Top United Nations officials on Wednesday slammed the warring parties in Yemen and their international allies for fuelling an unprecedented deadly cholera outbreak, driving millions closer to famine and hindering humanitarian aid access.
Since the end of April, the World Health Organisation said there have been more than 320,000 suspected cases of cholera - a disease that causes uncontrollable diarrhoea - and 1,742 deaths across more than 90 percent of the Arabian Peninsula country.
UN aid chief Stephen O'Brien told the Security Council on Wednesday the toll was likely much higher as aid workers could not reach remote areas of the impoverished, war-torn country.
"This cholera scandal is entirely man-made by the conflicting parties and those beyond Yemen's borders who are leading, supplying, fighting and perpetuating the fear and the fighting," said O'Brien, who is the UN under-secretary-general for humanitarian affairs.
He called on the 15-member Council to "lean much more heavily and effectively on the parties and those outside Yemen" to end the conflict and humanitarian crisis.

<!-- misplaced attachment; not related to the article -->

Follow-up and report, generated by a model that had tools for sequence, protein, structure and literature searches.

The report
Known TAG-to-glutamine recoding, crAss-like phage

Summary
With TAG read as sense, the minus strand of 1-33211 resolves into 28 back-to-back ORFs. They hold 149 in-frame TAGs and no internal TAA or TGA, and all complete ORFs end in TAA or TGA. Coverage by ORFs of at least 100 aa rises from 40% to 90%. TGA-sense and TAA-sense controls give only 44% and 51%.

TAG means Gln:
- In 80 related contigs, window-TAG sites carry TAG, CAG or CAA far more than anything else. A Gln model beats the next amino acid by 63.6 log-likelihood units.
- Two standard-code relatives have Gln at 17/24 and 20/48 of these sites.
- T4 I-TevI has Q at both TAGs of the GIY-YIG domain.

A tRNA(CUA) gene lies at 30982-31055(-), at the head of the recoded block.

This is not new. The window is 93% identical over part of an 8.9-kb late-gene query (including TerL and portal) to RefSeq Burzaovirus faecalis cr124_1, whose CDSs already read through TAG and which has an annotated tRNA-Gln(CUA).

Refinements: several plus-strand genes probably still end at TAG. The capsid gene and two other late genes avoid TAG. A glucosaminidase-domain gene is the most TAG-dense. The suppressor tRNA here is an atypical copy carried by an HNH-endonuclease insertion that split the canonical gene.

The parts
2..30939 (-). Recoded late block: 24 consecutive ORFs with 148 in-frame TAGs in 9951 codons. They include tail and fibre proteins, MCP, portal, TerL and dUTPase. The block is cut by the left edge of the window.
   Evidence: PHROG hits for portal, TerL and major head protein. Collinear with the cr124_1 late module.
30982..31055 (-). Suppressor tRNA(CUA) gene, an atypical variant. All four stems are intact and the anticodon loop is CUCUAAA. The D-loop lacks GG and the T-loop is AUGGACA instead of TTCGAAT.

UN officials on Tuesday said that plans to ship as many as 1 million doses of cholera vaccine to Yemen are likely to be shelved over security, access and logistical challenges, even as the deadly caseload continues to balloon in parts of the country.
War has crippled Yemen's health system, depleted access to safe drinking water and put millions on the brink of famine.
A Saudi Arabia-led coalition intervened in Yemen's civil war in 2015, backing government forces fighting Iran-allied Houthi rebels. The country, which relies heavily on imports for food, has become one of the UN's top humanitarian crises.
Yemen's economy has collapsed and 30,000 health workers have not been paid for more than 10 months, so the UN has stepped in with "incentive" payments to get them to help with the fight against cholera.
UN Yemen mediator Ismail Ould Cheikh Ahmed told the Security Council a Saudi donation of $67 million had helped slow the spread of cholera and called on other donors to step up.